We must consider what cuts might mean for Palestine at this time. UNRWA provides schooling to 500,000 students across the middle east in 700 schools, but it will be unable to do so if its current financial deficit continues. At a time of rising militancy in the region, we have to ensure that young people have access to a good education and have a future beyond schooling. Otherwise, they will inevitably look elsewhere for promises—false ones—of a better life.
UNRWA’s commissioner-general, Pierre Krähenbühl, said in an interview just last week:
“Palestinian refugees are facing their most severe situation since 1948. They have had 50 years of occupation, nine years of a blockade in Gaza and now five years of conflict in Syria. When you look at all of that, how much more can they absorb?”
That is a stark warning to all of us.
Of course, the UN inquiry will investigate actions undertaken by both sides, which is right and proper. Acts of violence committed by either side against innocent civilians are wholly unjustifiable, and those responsible must be held to account. Although the report finds that both the Israel defence forces and armed Palestinian groups failed to distinguish adequately between civilians and combatants during last year’s conflict, the scale of the arsenal available to the IDF makes their failure particularly devastating.
The commission’s report highlights the IDF’s method of issuing warnings, in an attempt to create “sterile combat zones”, as an example of the failure to differentiate adequately between civilians and combatants. Leaflet drops or “roof knocks”, which involved a drop of small missiles prior to a much larger strike, were used to warn civilians of an impending attack. The commission found that those attempts failed to have the desired effect, either because there was not enough time between warnings and the much larger strikes, or because, as was often the case, civilians felt that there was simply nowhere safer for them to evacuate to. The IDF then failed to recognise anyone who chose to stay in the area as a civilian, denying them the protections that would ordinarily accompany civilian status under international law.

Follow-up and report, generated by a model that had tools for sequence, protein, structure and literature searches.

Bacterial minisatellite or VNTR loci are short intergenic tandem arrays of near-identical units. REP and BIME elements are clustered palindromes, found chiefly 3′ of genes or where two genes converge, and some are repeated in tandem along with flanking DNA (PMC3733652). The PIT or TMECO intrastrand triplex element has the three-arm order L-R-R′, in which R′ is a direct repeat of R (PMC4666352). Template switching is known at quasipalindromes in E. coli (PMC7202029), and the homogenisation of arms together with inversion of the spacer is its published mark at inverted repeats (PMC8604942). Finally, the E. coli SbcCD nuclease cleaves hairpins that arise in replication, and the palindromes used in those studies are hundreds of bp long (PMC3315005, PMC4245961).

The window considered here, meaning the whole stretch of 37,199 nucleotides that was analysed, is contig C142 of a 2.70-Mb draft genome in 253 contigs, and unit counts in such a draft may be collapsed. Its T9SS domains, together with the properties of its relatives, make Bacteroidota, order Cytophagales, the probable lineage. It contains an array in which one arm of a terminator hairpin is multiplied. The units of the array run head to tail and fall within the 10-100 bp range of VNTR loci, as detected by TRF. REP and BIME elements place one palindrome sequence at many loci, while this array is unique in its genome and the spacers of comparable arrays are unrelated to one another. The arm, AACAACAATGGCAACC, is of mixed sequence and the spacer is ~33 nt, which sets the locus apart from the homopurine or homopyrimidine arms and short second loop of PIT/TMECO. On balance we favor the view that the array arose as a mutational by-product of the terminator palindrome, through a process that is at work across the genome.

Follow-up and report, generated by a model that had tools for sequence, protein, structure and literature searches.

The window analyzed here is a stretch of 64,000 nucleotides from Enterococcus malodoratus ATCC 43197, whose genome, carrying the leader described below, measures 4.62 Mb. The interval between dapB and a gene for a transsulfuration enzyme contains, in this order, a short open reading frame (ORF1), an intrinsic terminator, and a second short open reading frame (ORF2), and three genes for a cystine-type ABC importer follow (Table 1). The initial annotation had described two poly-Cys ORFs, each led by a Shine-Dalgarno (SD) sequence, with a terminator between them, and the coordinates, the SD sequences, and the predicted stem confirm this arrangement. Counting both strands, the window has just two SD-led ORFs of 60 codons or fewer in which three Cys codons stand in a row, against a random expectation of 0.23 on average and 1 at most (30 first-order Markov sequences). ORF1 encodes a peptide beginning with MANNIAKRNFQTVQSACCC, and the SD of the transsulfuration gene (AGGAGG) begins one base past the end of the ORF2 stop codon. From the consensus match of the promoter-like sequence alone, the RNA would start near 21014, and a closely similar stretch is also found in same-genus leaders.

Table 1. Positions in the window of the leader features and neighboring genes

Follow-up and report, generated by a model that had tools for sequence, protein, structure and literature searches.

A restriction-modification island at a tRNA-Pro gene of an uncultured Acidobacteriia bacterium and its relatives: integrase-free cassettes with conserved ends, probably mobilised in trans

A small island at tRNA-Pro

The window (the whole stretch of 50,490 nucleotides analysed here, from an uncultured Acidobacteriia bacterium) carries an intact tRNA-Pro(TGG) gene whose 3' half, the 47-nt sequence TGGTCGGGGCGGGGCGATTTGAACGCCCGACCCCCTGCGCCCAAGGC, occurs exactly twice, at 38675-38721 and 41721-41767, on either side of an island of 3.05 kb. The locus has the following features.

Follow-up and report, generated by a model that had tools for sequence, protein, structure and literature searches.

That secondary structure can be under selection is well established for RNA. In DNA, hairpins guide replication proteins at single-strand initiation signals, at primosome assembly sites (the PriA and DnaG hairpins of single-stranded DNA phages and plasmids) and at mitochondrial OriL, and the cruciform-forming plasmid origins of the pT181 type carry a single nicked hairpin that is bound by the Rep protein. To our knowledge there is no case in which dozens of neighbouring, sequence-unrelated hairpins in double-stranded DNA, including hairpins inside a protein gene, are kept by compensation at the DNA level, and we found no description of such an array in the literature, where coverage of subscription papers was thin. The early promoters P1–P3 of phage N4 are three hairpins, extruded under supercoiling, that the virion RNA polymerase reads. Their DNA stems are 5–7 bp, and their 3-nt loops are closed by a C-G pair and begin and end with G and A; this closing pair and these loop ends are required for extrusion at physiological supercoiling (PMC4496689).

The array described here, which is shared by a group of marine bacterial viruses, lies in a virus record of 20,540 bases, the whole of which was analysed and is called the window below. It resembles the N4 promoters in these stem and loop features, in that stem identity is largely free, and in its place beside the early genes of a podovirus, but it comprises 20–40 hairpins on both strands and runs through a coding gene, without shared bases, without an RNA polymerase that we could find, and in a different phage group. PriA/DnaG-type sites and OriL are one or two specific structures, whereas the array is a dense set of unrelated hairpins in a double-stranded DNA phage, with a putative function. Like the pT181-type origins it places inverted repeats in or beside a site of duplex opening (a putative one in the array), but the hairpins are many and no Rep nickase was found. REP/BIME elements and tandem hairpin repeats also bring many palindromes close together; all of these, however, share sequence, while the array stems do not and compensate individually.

The commission’s report also looked at the west bank during the same period in 2014. Between 12 June and 26 August 2014, 27 Palestinians, including five children, were killed and 3,100 Palestinians were injured by Israeli security forces. That was largely due to increased use of live rounds as a means of achieving crowd control.
The commission’s report calls on Israel to bring its systems for investigating alleged violations of the law of armed conflict in line with international standards, and I hope that the UK will also take this opportunity to demand that. The examples that I have given must be the basis upon which we find ways to bring about change. We would be naive to think that these injustices are not feeding into a rise in militancy and unrest right across the region, as well as much closer to home.
Gaza has been under blockade for eight years, and the Palestinian people have been living under Israeli occupation for almost 50 years. That is a damning indictment of the international community, and of our failure to secure peace and justice for the people of Palestine. It is now 21 years since the Oslo accord, and an entire generation of young Palestinians—the Oslo generation—have grown up to witness a worsening situation on the ground. There have been significant expansions of illegal Israeli settlements in the west bank, heightened security threats to both sides, the construction of an illegal separation barrier, restrictions on Palestinian movement, the suffocation of productivity, punitive home demolitions and a humanitarian crisis in Gaza, and there is no end or hope in sight. It is depressing that, 21 years since Oslo, both sides seem to be further away from peace and security than ever before.
I welcome Britain’s support for the commission of inquiry on Gaza. However, although the report identifies in great detail the violations against international law and makes recommendations about addressing those, it also recognises that we have been here before, time and again. The empty rhetoric about opening dialogue and, increasingly, getting round negotiation tables has now been ongoing for more than 50 years. It is time to think carefully about why the international community has failed and time to consider all the options available to us, to ensure that we are not still sitting here in five, 10 or 20 years time, discussing yet more reports on further conflict.